In a time of rapid change, economic turbulence, and continued uncertainty, resilience becomes a more pronounced commodity. The ability to absorb adversity, work through it successfully, and grow from the experience, is essential to our function, but is not often something we are taught.
Dr Sven Hansen has spent much of his career helping people develop the skills required for resilience, but when he founded Resilience Institute in 2002, few people understood its value beyond the sporting arena.
“It’s now widely understood that resilience can help to improve the wellbeing of individuals and the performance of organisations,” says Hansen, who worked with ANZIIF to review the content of its new ‘Becoming Resilient’ professional development activity.
“When people are resilient, they have more energy, they feel less depressed and anxious, and they tend to function at their best,” he says. “This can only be a good
thing for individuals and for organisations.”
Power of resilience
Resilience Institute is a global organisation with a multi-disciplinary team of experts that include medical doctors, psychologists, scientists, entrepreneurs, and experienced business leaders.
They draw on the latest research to develop practical, engaging programs aimed at building resilience and sustaining positive change.
Hansen’s interest in resilience was formed at a young age.
His father was a professor of paediatrics whose work focused on child nutrition and brain development. Hansen was raised to think about what a healthy life could look like.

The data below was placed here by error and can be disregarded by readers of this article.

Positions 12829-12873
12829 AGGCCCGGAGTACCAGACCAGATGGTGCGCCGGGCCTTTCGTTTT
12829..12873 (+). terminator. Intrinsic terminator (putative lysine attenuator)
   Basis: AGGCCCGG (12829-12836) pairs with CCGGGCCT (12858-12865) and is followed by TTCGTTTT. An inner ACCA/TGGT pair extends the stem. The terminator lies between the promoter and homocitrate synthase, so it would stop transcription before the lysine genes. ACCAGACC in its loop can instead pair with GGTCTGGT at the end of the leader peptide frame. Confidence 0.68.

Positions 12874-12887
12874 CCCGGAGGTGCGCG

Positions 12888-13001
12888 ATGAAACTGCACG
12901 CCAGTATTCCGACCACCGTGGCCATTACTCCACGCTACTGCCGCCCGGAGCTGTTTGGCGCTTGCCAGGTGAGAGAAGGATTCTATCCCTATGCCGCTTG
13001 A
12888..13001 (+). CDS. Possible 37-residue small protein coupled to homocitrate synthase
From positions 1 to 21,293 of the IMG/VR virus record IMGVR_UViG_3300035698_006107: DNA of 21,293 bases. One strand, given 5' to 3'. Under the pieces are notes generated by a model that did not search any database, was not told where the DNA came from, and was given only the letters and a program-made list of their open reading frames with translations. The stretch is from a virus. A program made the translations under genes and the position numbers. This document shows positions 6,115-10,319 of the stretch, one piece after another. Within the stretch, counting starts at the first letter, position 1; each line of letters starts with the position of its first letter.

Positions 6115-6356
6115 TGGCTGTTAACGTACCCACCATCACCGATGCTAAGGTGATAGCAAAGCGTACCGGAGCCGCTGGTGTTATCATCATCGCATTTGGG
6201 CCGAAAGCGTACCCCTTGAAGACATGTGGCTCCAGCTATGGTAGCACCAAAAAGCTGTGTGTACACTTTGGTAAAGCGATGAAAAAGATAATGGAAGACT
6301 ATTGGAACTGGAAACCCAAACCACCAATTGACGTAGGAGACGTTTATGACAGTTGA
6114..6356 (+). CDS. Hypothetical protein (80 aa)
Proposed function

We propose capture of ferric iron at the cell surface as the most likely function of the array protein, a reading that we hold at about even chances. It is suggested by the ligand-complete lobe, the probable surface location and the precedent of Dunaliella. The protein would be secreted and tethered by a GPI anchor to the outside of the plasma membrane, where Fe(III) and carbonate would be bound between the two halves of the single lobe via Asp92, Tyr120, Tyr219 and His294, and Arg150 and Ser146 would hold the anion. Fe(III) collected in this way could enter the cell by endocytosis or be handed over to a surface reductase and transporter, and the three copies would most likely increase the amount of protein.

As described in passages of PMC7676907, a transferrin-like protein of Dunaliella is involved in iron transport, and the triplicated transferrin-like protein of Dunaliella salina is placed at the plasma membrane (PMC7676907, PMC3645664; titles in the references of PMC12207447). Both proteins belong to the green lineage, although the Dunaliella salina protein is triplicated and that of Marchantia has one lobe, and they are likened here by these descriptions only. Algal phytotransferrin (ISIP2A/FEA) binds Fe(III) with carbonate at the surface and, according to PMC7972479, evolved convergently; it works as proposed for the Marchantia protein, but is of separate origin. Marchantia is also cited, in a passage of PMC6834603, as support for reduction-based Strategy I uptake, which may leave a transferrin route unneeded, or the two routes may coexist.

His early medical career began in sports medicine, where he discovered the power of deliberate, scientific training to secure both individual and team success.
“It was enlightening to discover that if you were respectful of the physical, the emotional, mental and practical, you could move beyond injuries, fatigue or burnout and see individuals and teams really improving their performance,” says Hansen.
“I realised that if it’s possible to improve the wellbeing and performance of athletes, why couldn't we translate that to the rest of the population?”
More than 100,000 professionals have participated in Resilience Institute training experiences and Hansen says its primary focus is to help organisations grow and protect the wellbeing of their employees.
“We also run a diagnostic to help organisations measure resilience,” he says. “We can strip away the individual identifiers to provide an interesting aggregate view of an organisation.
“To understand your level of resilience, you need these kinds of measurements, because resilience is proving so important for organisations,” adds Hansen.
“We saw this during Covid, where some organisations really took off and others really dived. Organisations require that ability to work through adversity, to grow their capabilities and to stay innovative.”
Resilience is not something we are born with. It is a skill that involves behaviours, thoughts and actions that can be learned and developed by anyone, at any stage in life and involves a combination of inner and outer resources.
Resilience Institute defines resilience as a set of four learned abilities: